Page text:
“When the coronavirus hit, they locked residents in their rooms … and they wouldn’t let them out,” he said. “When my grandmother got sick in mid-May, they didn’t tell us. We had no idea she had the coronavirus. We kept calling and calling, and her phone just went to voicemail.”
McAlpin said his brother happened to call his grandmother’s cellphone one day, and she answered. She had been admitted to Merit Health Wesley as a virus patient.
“I found out she was at Wesley, and the nurses there … they answered the phone, they took the phone down to her,” he said. “As soon as she got back to Bedford Care, we couldn’t talk to her. They don’t answer the phone. It’s a hard process.”
He said his grandmother’s condition has deteriorated rapidly, and being unable to speak to her or see her has added a great deal of stress to him and to his family.
“Every day, I’m surprised she makes it another day,” said McAlpin. “A few weeks ago, she was fine. I know coronavirus takes a toll on people, but it’s a mess.”
McAlpin said he understands officials at the nursing home are “under a lot of pressure.”
“However, even before the COVID virus started, we all knew Bedford Care was a horrible place,” he said. “On a scale of 1-10, I’d honestly give it a two, and that’s before COVID. Now, I’d give it a one. They don’t really keep a good eye on patients.”
There are eight Bedford Care Centers in the state, and there are three other locations in Forrest County. The Alzheimer’s Care Center in Hattiesburg has 60 beds, and the Monroe Hall location, also in Hattiesburg, has 80 beds. Additionally, there is Bedford Care Center of Petal, which has 60 beds.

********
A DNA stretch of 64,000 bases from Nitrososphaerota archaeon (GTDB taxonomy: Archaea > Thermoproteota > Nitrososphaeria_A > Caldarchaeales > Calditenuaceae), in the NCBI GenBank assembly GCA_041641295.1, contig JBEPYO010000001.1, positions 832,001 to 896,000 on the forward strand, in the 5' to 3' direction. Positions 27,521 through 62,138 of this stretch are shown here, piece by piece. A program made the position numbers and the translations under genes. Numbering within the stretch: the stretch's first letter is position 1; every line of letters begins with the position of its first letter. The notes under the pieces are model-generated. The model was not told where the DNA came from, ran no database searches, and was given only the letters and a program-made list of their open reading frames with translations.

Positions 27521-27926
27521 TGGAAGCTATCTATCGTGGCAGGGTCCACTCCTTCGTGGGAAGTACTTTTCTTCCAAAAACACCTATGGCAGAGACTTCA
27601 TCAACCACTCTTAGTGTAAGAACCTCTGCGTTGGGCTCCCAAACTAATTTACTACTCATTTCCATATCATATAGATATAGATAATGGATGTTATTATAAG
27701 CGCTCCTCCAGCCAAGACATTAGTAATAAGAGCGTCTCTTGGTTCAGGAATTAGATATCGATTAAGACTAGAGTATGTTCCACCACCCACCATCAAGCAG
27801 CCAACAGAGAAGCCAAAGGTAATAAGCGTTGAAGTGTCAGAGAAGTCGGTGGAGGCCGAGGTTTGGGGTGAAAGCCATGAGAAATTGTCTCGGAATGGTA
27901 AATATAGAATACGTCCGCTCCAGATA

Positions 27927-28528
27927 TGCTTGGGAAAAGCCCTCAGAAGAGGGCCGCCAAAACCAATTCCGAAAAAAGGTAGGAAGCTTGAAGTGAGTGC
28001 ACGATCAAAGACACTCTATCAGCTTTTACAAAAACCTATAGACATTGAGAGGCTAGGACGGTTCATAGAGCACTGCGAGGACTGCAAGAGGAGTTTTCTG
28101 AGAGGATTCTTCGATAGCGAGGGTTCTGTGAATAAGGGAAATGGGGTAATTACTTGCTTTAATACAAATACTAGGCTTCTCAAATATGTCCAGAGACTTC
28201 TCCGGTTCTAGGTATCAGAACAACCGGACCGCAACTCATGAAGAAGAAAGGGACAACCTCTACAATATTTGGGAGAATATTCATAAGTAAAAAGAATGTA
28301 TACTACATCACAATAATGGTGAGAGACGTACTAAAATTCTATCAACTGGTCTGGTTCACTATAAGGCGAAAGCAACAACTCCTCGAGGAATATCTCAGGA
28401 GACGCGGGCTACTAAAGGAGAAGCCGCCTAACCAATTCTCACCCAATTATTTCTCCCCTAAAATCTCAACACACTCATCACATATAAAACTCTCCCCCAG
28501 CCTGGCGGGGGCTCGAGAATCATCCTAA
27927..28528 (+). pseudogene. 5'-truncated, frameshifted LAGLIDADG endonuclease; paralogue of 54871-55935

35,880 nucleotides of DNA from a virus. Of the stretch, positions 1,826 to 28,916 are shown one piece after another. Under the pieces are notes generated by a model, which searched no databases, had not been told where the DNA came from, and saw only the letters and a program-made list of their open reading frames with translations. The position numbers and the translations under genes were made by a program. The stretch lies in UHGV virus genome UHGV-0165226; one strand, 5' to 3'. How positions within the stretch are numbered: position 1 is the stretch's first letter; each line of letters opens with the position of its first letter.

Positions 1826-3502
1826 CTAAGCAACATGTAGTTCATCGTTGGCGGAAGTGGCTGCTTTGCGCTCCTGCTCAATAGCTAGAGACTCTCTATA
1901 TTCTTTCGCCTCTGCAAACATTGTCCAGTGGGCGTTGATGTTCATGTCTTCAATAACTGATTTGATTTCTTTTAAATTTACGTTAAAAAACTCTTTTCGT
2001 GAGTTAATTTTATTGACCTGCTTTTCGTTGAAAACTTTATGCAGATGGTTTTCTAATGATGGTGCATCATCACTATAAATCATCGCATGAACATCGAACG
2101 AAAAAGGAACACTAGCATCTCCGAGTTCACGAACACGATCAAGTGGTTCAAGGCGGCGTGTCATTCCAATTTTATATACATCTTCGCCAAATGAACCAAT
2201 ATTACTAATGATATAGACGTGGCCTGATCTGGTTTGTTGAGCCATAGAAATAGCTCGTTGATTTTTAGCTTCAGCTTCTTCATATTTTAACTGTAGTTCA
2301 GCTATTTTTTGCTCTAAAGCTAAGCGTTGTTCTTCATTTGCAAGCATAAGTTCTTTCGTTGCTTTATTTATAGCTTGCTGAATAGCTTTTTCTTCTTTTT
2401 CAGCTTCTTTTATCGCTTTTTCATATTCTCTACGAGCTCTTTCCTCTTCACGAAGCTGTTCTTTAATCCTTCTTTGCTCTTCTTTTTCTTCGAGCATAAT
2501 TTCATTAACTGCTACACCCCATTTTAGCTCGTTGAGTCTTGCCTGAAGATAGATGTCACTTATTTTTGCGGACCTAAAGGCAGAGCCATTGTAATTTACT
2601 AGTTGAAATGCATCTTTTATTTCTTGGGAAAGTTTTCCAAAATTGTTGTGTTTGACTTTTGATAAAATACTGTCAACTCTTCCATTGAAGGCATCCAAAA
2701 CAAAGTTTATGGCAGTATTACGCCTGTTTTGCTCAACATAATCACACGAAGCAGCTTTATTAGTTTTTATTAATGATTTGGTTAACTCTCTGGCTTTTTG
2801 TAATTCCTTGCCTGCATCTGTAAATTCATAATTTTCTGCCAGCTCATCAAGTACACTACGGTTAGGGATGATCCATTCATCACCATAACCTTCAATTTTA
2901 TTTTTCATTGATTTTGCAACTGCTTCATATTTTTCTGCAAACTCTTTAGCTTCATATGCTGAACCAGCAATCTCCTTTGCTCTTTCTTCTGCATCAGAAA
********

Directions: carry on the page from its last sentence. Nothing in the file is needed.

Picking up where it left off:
Information from the Health Department, sent to The PineBelt NEWS by email, shows that the Petal location previously had a COVID-19 outbreak with two affected employees, and the Alzheimer’s Care Center previously had an outbreak with one sick employee.
Other Bedford locations include the 120-bed Bedford Care Center of Marion, the 120-bed Bedford Care Center of Newton, the 60-bed Bedford Care Center of Picayune and the 60-bed Bedford Care Center of Mendenhall, which is currently closed for renovations.
Bedford Care Center of Hattiesburg is managed by a group called the Hattiesburg Medical Park Management Corporation. The owners of the facility are listed, in ownership information acquired by The PineBelt NEWS, as Sonya McElroy, Jack Bevon, Stephen Worrel, Nicole Bevon, Michael McElroy and Janet McElroy.
The ownership information also lists Bedford Health Properties, LLC as an owner with 5 percent or greater direct ownership interest. In information on file with the Mississippi Secretary of State’s office, that company lists Michael E. McElroy Jr. of Hattiesburg as its registered agent and Michael Eugene McElroy of Hattiesburg as a member.
According to the Bedford website, Mike McElroy “began his career in long-term care with the purchase of one nursing home in Hattiesburg” in the 1970s.
The Health Department started releasing the names of affected long-term care facilities, such as nursing homes, after numerous requests from media outlets and a public records lawsuit filed by The PineBelt NEWS.